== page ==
composers. Because IRCAM is also concerned with the integration of electronic and
acoustic music, the musicians of the Ensemble have made themselves available for
numerous tasks, such as acoustic experiments as well as research into extended
instrumental techniques. Many of the major spectral works came from this collaboration,
In more recent years, the proliferation of personal computers has dramatically
changed the production of electronic music. In previous years, a composer had to
physically go to an institution where a computer music facility was housed. Quite often,
the facili ty had a computer workstation that was tied into a mainframe computer. The work
was often written in a program like Music V, Cmusic, or Csound. These programs required
the user to have an in-depth knowledge of programming techniques. Actually, the
composer had to write the computer portion of the work in the form of a program110 which
would be manually typed and compiled, a process that could take months.111 Recent
108 Tod Machover, “A view of music at IRCAM,” Contemporary Music Review, 1(1984), 1-10; see also
Dominique Jameux, Pierre Boulez, trans. Susan Bradshaw (Cambridge, Massachusetts: Harvard UniversityPress, 1991), 186-210; Joan Peyser, To Boulez and Beyond: Music in Europe since “The Rite of Spring”(New York: Billboard Books, 1999), 343-348.
109 Machover, 1-10.110 In order to create a musical composition in one of these languages, the user needs to create instruments
(such as those found in Gather), and a score (in the form of a notelist). The notelist is a text-basedrepresentation of the parameters that shape a given sound. Generally, the notelist invokes the instruments tostart the sound at a specific time, using a specific frequency, at a specific volume, and to hold the note for aspecific duration. This process needs to be repeated for each note in the work. The notelists can beextremely long.
111 Csound is the most recent of these programs. Although it is based on the same architecture as Cmusic andMusic V, there are a number of programs that will generate the notelist, such as John Rahn’s “Lisp Kernel.”In the Lisp Kernel, the composer creates a program in Lisp that specifies some general parameters, and theprogram creates the notelist, which is then compiled in the normal manner.
programs make use of mouse-driven graphic interfaces that are much easier to use.112 With
the development of faster personal computers with huge storage capacities, the heretofore
time-consuming process of electronic music composition has been cut down dramatically.
IRCAM’ s focus in the last few years has been the development of programs to be
used on personal computers. The programs they have developed include software designed
to aid in the composition process (programs such as PatchWork and OpenMusic), sound
synthesis (Chant, AudioSculpt, Diphone, and Modalys), and programs for live interaction
between the performer and the computer (jMax and Spat). All of these programs make use
of a graphic user interface and are extremely fast.113 The time between conception and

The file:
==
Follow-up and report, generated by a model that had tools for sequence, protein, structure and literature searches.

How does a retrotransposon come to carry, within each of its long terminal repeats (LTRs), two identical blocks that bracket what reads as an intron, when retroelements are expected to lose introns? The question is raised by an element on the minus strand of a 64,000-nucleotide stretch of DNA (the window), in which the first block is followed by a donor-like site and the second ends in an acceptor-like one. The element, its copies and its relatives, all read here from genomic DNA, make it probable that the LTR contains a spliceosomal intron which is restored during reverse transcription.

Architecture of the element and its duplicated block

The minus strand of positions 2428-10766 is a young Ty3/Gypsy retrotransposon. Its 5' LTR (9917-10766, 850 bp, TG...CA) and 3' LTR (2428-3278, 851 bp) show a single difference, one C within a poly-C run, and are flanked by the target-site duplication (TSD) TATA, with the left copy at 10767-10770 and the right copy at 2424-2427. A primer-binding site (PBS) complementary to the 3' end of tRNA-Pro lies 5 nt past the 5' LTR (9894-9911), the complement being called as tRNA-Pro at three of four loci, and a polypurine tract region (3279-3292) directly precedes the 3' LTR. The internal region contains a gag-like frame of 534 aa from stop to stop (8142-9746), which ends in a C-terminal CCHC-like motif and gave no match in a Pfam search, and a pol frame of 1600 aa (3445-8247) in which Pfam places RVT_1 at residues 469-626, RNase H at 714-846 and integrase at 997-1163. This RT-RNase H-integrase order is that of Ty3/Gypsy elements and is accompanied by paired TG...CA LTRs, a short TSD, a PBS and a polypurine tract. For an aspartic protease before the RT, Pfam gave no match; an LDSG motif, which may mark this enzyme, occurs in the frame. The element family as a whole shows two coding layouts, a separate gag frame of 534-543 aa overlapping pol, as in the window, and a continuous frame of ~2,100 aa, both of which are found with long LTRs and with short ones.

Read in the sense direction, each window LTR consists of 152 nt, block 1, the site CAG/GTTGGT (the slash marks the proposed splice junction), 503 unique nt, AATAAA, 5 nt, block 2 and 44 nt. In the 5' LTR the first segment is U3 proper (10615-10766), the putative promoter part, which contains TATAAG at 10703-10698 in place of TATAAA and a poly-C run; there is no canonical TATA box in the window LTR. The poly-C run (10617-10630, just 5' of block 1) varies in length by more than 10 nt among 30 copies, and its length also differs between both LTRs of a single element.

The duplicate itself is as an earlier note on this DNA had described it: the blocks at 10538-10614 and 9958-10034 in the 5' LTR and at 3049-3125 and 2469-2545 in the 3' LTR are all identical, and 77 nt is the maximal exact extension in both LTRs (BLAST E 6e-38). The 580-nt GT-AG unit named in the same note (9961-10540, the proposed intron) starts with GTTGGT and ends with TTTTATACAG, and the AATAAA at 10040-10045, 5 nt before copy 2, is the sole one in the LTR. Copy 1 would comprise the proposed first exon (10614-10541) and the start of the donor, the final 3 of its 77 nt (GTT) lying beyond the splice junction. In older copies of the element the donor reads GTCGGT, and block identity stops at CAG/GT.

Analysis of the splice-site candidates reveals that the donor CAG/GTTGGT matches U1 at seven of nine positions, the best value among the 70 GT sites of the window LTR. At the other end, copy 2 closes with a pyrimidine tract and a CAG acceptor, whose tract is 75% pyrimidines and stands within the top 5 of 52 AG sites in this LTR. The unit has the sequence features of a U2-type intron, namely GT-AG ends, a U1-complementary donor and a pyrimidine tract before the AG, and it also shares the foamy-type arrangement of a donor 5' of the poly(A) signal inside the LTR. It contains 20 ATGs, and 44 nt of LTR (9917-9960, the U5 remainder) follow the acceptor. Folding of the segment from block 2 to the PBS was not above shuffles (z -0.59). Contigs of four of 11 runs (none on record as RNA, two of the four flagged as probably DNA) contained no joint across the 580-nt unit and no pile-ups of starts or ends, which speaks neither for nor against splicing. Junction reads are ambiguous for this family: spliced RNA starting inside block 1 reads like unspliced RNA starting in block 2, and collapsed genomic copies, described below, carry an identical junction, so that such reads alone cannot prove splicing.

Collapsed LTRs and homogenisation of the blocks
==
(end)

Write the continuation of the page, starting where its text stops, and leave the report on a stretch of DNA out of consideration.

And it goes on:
realization of an electronic work has therefore become much shorter.
Other influences on spectral music
There are several other possible influences on spectral music. Grisey has stated that
the prevailing attitude of the younger European composers was that when Schoenberg and
Stravinsky left Europe (in the late 1930s), they took the whole tradition of European music
with them. There was little sense in continuing the aesthetic of the 19th century, and the
1950s avant-garde was not a path they wished to follow. Grisey and others felt that
serialism produced a music that was lacking in focus, and “harmonically gray.”114
Therefore, spectral music may be seen as a reaction against the music of its immediate past.
Rather than simply rejecting this music and reverting to a pre-Schoenberg state (as the
American Neo-Romantics), the spectral composers looked at the increased awareness of
timbre in music and decided to make that the basis for their music.
112 Roads and others, 659-852 provides an in-depth, historical survey of the development of the user interface
in computer music.113 “Forum IRCAM: Computer Aided Composition, Real-Time Interaction, Sound Design,” published
brochure, available from the author.114 Grisey, conversation with the author.
Spectral music’s influences range from the musical to the technological. The
musical sphere may be viewed as an increased awareness of the role of timbre and texture
as a shaping force in music. Spectral composers are particularly interested in the precise
control of timbre. The tendencies started by Debussy culminate in the fusion of timbre and
harmony in the works of the spectral composers.
Technological advances during the last century were a secondary influence on
spectral composers. With the advent of computer based spectral analysis and synthesis,
composers were able to quantify spectra in a precise manner. Eventually, the composers
were able to reproduce complex spectra, and translate the results into musical notation; in
the 1970s, however, much of the calculation was done by hand. The rise of powerful
personal computers made it possible to do these mathematical operations much more
efficiently. IRCAM’s role cannot be understated in this realm, for its stated purpose is to
bring together technological and musical research. Without the depth of technological
research, spectral music may have vanished soon after it appeared the music considered a
limited genre that required a tremendous amount of labor on the part of the composer.